introduced in the workflow is much less than the error level in a Subjective

calibration.

Colorimeter pronounced as kuhl-uh-rim-i-ter

Many commercial and professional versions available as well costing thousands and

tens of thousands of smackaroonies.

For Linux you need to do the research to make sure the devices work with the CMM.

The Gnome desktop and Argyll CMM certainly provide support for some devices.

If I could afford it I would buy an X-Rite ColorMunki Photo (~£300+)

- does monitor and printer as well as any object

- I can but dream

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Example sequence of Colorimeter calibration

Not all screenshots are shown, many are missing.

- Only showing key screens……

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We now have a base from which to work

Need to keep repeating the process

Monitors “lose” their calibration

You may not notice

Recalibrate regularly

Monthly recalibration is recommended.

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Note the direction of the monitor direction.

So now we have a managed trail from camera to monitor.

Input to one output.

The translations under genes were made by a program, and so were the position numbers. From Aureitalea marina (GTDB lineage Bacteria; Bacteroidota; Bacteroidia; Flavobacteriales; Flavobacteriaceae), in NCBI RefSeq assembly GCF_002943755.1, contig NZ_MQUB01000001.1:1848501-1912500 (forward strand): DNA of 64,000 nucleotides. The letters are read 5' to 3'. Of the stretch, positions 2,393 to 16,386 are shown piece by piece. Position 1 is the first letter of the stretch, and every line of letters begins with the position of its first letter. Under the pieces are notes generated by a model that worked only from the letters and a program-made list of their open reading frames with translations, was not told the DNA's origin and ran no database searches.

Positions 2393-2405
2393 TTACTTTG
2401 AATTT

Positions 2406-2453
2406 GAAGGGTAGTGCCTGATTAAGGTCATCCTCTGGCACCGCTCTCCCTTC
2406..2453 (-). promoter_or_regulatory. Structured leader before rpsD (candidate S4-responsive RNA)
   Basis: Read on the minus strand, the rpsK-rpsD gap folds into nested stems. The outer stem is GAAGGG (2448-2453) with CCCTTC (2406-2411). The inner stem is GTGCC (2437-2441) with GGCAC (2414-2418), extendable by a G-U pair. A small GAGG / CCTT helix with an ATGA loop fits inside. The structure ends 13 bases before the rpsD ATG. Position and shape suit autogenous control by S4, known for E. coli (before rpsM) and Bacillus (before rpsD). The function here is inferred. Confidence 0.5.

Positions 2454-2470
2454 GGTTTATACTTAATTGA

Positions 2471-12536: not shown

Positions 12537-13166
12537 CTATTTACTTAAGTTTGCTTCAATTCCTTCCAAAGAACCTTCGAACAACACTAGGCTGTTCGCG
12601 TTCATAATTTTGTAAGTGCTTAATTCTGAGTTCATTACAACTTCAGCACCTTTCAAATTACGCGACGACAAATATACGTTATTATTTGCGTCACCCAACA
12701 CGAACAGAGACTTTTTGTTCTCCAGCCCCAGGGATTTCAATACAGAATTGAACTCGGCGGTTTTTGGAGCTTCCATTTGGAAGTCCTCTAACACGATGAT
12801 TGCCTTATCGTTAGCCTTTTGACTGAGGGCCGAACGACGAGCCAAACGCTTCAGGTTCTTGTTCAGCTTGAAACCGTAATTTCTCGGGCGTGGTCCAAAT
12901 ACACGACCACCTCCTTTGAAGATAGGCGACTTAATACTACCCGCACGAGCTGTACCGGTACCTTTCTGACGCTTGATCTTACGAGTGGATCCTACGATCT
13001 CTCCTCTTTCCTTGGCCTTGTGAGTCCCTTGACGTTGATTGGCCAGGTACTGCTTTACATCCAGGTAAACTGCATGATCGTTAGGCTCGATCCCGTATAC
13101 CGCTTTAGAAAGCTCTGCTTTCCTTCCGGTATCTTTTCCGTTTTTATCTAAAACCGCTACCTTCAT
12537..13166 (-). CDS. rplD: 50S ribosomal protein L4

Onwards to the printer……brace yourselves!

Remember Input-Processing-Output image…..

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Input Processing Output

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Many commercial printers offer downloads of their ICC profile –

for example Blurb Books.

Most home printers come with default profiles – hard to beat too

be honest.

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All work the same way.

Print a target, click each colour within the target when told to by

the profile software

Domestic and commercial variants (think cheap and expensive)

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Lots of variations on a theme.

The one in this slide is from PermaJet

X-Rite ColorMunki Photo (£300+) does Monitor, printer and

individual objects.

Note: You are really profiling the paper, not the printer

Either way, exact same setup next door will produce a slightly

different profile.

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Can’t recommend anyone, not used any of them.

Would recommend you do your research beforehand if you go

down this route.

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The paper profiles really become alternatives to your printer

profile

They are your printer profile really

Very Good choice as well:

http://moabpaper.com/icc-profiles-downloads/epson/ is another

very good example of paper profiles to download.